it’s not your job

photo-1527548052773-0cb9eeec5176Guys, the fun is over.

My kindergartener hates school. I really didn’t see this coming. But we’ve spent the last three school days crying all morning. It’s harder than dropping him off at day care. It’s way weirder than pre-school. I’m sending him on a bus with people I don’t know. And I was totally fine with it when he was fine with it. But now both of us are a little anxious.

I’ve asked him every question. Nothing is necessarily wrong, but it’s new and different, and it’s all beginning to sink in.

Since Brady was born, there is one verse that I have just always felt belonged to him. Honestly, I wanted to try to look for a cooler one. One that isn’t scripted on journals and wooden signs. But God’s word is powerful, no matter how often it’s used. It never loses its depth or meaning. So for almost six years now, I have prayed Joshua 1:9 over Brady. I pray that he would be strong and courageous because God is with him wherever he goes.

And this past week has given us a very real reason to use it. To be honest, I feel like a fraud or like I’m trying too hard. I’m not really a mom of a school-age kid, right? I still have babies, don’t I? I don’t know what is going on. I’m not sure how to convince my still sort-of-little boy that God is actually with him when he’s at school. So I painted a little star and wrote down in black sharpie and put it in his lunchbox. He can’t read it yet, but we’ve talked about what it says. I’m doing everything I can to let him know that it’s okay to be sad about this big change, but he still has to go. And he’s not alone. But how can I really convince him? How can I prove to Him that it’s really true? That God really is big enough to care about him?

Well, I’m not supposed to. 

Deep breath, moms. It is not our job to convince our kids (or anyone, really) about what God does or who He is. It’s His job. Our job is to say what’s true and do our best to live it. It seems impossible and somehow not enough.  But if we take on this responsibility as our own; believe that our kids’ relationship and trust in God sits on our shoulders, then God must not be very big or very loving.

He was supreme in the beginning and – leading the resurrection parade – He is supreme in the end. From beginning to end He’s there, towering far above everything, everyone. So spacious is He, so roomy, that everything of God finds its proper place in Him without crowding. Not only that, but all the broken and dislocated pieces of the universe – people and things, animal and atoms – get properly fixed and fit together in vibrant harmonies, all because of His death, His blood that poured down from the cross.” [Colossians 1:18-20 msg]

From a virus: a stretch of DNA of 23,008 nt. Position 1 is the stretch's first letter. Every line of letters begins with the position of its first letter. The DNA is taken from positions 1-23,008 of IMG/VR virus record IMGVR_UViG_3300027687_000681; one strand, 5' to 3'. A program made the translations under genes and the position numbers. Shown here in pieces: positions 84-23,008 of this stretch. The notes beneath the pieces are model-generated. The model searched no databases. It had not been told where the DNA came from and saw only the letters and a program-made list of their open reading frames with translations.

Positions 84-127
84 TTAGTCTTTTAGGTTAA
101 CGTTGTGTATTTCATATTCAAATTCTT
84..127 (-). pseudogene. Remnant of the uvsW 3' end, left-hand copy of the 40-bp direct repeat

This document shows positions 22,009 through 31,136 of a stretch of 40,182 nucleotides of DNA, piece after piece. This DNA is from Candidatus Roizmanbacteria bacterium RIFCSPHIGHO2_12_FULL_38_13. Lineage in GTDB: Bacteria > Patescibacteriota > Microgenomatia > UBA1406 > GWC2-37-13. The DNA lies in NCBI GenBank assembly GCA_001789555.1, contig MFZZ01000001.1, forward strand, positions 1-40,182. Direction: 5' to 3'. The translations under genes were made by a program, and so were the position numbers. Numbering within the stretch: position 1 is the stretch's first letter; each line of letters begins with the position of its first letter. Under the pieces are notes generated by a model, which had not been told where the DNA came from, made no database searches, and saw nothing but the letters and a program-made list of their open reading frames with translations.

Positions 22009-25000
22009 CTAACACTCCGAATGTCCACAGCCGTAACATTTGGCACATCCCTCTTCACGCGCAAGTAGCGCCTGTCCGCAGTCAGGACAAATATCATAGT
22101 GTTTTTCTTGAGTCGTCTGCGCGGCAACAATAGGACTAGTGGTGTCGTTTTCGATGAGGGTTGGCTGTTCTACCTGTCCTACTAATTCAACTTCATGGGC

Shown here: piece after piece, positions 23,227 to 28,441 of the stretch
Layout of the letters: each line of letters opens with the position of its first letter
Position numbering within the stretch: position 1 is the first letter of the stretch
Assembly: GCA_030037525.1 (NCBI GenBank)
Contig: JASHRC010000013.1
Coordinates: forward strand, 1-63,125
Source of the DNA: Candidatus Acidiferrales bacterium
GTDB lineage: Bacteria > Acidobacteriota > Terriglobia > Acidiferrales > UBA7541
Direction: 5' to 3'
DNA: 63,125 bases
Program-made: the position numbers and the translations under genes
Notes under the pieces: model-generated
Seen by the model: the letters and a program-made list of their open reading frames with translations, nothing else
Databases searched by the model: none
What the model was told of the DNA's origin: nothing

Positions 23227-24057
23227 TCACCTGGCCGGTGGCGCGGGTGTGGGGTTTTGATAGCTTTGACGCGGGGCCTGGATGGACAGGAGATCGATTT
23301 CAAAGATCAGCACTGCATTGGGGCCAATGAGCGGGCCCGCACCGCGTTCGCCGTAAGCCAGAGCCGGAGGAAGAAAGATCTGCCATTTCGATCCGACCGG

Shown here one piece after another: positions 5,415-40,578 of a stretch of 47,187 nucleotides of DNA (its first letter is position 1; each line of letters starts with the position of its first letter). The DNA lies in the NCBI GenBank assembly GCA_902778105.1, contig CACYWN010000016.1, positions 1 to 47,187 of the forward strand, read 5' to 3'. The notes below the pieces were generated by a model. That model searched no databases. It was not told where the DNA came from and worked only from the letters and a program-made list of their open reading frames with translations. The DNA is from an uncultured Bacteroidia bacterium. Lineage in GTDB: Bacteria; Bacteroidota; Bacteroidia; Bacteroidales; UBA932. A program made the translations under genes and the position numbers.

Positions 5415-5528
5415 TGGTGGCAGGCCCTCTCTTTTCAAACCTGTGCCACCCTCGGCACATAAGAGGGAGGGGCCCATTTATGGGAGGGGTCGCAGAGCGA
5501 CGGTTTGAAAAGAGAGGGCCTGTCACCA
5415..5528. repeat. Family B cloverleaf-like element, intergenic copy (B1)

If He can do all this, can He not take care of your loved ones? Can he heal your anxious heart and comfort your kid? Can he teach you about humility while strengthening your child’s identity? Yeah, He can.

He’s not doing one thing at a time. He’s miraculously working so intentionally within you and every person you love all at once. When you are at the end of your rope because you have literally no clue what to say or how to help, and you’re convinced you’ve screwed it all up, God steps in.

His goal in making you a parent was not to teach you how to get it right. It was to teach you exactly what His strength looks like. If His strength is made perfect in our weakness, then our screw-ups as parents are the sacred opportunities He looks to use.

So what do we do? When our kids don’t want to go to school or they have no friends or they’re making insanely bad decisions.

The answer is always the same: we surrender. We give back to God the ones we love the most; the ones that He loves even more. We give up our silly belief that maybe it all rides on us.

Because honestly, what’s the alternative? It’s anxiety and nausea and shallow breathing. It’s spinning and working so hard your vision blurs a little. It’s panic and constant feelings of inadequacy. It’s a nagging never enough-ness.

So we trust. We trust that God actually is who He says He is. And we fall. And we trust again. And we pray. And sometimes we cry because it’s just dang hard.

And we trust.

And we trust.

And we trust.

“Trust God from the bottom of your heart;
    don’t try to figure out everything on your own.
Listen for God’s voice in everything you do, everywhere you go;
    he’s the one who will keep you on track.”

[Proverbs 3:5-6 msg]


2 thoughts on “it’s not your job

  1. Rachael, this was incredible. I’m not even a mom yet, I pray to be some day, but I’ve started having doubts and nagging feelings I won’t be a good one. That I won’t know what to say, what to do, and that my inadequacies will lead my children away from God instead of to Him. And at points I’ve just told myself I won’t have kiddos. Your words were for me. So thank you.

    • I am so glad that you could relate. I’ve found that the areas we feel most insecure in are areas God is absolutely pulling us to – where His strength can be made perfect!! Thank you so much for sharing with me.

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